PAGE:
- Weak digital strategy delivers weak outcomes. Weakness in digital strategy is seeing a misalignment between content marketing objectives/focus and measures of success. Marketers should draw upon skilled digital practitioners beyond their organisation (and even their industry), to begin to correctly align their business and marketing strategies.
- Conservative channel choice cripples engagement. Marketers the world over are challenged to create engaging content, yet continue to focus on non-digital channels which produce high-levels of engagement. Again, experimentation is vital. Also, look to pure-play agencies to bolster internal skills for particular marketing programs – for example, work with a social media agency on a social media project, bring in a digital experience expert to reinvigorate the online customer experience.
- Lack of effectiveness is undermining confidence. Content marketing effectiveness levels remain abysmally low, undermining confidence in marketers and the work produced by their agencies and suppliers. After correctly aligning strategy (as noted above), marketers should build metrics and analytics dashboards to report on effectiveness. Investigate options from companies like Anametrix.
- Executive buy-in to content marketing needs to be revitalised: Connecting results with effort will give marketers the tools to gain buy-in from their Boards and from senior executives. Investments in analytics and reporting software that aggregates multi-channel data should be prioritised.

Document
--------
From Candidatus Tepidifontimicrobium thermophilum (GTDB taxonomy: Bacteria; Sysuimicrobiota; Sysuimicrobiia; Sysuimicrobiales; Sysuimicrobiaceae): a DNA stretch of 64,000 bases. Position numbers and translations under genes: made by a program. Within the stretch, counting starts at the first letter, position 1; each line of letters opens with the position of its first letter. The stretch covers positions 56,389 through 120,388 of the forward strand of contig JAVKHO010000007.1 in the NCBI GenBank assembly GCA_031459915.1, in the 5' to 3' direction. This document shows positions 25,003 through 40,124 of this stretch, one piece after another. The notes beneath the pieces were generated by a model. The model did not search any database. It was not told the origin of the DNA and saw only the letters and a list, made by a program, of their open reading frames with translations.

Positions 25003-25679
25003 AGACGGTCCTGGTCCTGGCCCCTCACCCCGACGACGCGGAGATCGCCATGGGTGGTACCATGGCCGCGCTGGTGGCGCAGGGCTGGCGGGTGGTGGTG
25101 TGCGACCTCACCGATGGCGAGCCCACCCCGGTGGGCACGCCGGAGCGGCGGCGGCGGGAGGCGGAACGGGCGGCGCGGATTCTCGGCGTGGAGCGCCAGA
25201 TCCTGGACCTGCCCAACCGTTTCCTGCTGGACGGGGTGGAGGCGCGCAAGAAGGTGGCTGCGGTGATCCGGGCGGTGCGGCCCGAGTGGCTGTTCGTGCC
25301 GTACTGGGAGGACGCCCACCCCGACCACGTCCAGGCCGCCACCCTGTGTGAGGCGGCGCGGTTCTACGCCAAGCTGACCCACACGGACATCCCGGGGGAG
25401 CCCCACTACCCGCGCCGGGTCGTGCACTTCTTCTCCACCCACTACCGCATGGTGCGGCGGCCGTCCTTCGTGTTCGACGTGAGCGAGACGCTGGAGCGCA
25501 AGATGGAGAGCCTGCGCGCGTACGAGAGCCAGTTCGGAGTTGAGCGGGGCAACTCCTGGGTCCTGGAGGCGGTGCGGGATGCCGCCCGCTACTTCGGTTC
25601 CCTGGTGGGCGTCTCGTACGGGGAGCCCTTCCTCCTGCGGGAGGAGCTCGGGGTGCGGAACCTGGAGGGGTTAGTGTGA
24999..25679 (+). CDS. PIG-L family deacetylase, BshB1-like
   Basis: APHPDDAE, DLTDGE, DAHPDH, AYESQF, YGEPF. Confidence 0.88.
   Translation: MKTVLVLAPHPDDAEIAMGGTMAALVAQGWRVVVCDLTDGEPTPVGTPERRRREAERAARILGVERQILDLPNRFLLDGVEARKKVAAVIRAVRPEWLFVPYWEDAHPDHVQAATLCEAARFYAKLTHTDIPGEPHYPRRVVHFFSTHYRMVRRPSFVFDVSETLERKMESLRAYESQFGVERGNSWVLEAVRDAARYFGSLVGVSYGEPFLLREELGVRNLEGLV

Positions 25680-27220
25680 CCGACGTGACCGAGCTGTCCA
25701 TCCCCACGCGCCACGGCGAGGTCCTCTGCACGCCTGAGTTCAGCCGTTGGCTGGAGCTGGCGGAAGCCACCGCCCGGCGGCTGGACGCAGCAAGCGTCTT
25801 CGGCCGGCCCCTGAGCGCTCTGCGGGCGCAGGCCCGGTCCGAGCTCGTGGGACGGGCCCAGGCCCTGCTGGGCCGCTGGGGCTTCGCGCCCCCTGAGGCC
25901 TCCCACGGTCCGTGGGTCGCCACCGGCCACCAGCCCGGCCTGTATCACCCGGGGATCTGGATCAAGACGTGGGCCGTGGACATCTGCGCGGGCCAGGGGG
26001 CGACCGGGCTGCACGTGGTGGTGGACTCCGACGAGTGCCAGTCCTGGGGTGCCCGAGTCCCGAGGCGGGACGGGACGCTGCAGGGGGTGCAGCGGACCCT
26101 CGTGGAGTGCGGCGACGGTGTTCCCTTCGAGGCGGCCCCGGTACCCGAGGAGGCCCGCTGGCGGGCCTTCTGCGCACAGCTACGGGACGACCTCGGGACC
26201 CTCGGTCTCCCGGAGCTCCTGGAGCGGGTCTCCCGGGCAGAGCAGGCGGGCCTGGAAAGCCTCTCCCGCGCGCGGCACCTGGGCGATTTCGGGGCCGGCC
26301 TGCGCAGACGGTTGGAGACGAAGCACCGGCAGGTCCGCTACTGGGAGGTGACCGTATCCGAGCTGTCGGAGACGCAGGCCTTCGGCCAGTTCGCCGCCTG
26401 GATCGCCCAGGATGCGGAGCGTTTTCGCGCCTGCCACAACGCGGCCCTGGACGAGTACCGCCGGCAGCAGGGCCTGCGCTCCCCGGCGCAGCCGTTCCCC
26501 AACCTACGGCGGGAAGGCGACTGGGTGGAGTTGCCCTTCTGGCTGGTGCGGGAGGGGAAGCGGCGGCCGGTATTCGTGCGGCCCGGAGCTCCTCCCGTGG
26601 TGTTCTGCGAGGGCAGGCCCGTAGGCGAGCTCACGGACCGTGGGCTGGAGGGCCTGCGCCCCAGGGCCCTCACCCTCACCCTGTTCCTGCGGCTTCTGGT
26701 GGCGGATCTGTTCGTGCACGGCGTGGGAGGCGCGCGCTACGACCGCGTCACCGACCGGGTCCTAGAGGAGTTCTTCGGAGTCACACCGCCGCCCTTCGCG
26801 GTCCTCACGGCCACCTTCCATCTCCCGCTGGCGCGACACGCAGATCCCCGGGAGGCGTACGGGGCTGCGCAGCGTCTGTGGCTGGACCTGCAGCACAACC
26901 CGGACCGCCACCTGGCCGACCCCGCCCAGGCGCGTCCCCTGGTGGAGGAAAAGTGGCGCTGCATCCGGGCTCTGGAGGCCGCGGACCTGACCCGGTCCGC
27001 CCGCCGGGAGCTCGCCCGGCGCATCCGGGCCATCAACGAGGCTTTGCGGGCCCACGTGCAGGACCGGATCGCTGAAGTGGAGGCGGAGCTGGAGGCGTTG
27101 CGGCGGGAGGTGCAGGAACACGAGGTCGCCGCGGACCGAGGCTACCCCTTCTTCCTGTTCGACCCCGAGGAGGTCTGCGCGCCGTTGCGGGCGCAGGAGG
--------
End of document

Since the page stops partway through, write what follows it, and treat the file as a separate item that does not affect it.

The detailed report appears below. Remember to check out the Content Marketing Conference, using the code CMI200 will save you $200 when registering.
We have lived for many years with the illusion of control. We believed that we could:
- Control the experience of our brand
- Manage the way our brand was represented
- Dictate the messaging people used when discussing our brand
To administer this, and to reinforce our sense of ownership of our brand, we created processes, guidelines and tools of management that enforced consistency, clarity and style. We measured our control in pixels and pantone colours. And we sat at our desks in the contented glow of our three ring binders, style guides and brand books.
And because we controlled the medium in which our brands were discussed (or at least paid large sums to those broadcasting our messages), we came to see this belief in control as truth. This, in time, made us happy.
And then along came the web. It was billed as a levelled playing field but it was really a simulation of what had gone before – the means of publishing production remained centralized, controlled and administered. But a new power was created. The ascendency of the geeks was underway and the promise of the world wide web remained tantalisingly close – veiled behind layers of code and techno-speak.
It was not until the advent of the social web that publishing, distribution and creation was democratized (of course, consumption is another question). Now, anyone with an internet connection (yes, even mobile), can engage in the publishing process.
This social media free-for-all remains a challenge for many brands. In fact, despite Australian audiences ranking amongst the most avid consumers of social media platforms like Facebook and Twitter, many companies still tread warily around the edges of social without a clear strategy to engage, participate or simply listen.
But for every story of risk and corporate fear, we also see celebrations. For whether we like it or not, our customer use the products and services we create – generating unique experiences and amazing results.
Look what happens when high school student Melody Green produces a video documentary of her school science experiment. Not only does she tell the powerful and exciting story of a young girl learning about high altitude science (should be more of it) … it generates story after story:
- The video is featured as video of the day on the GoPro video camera website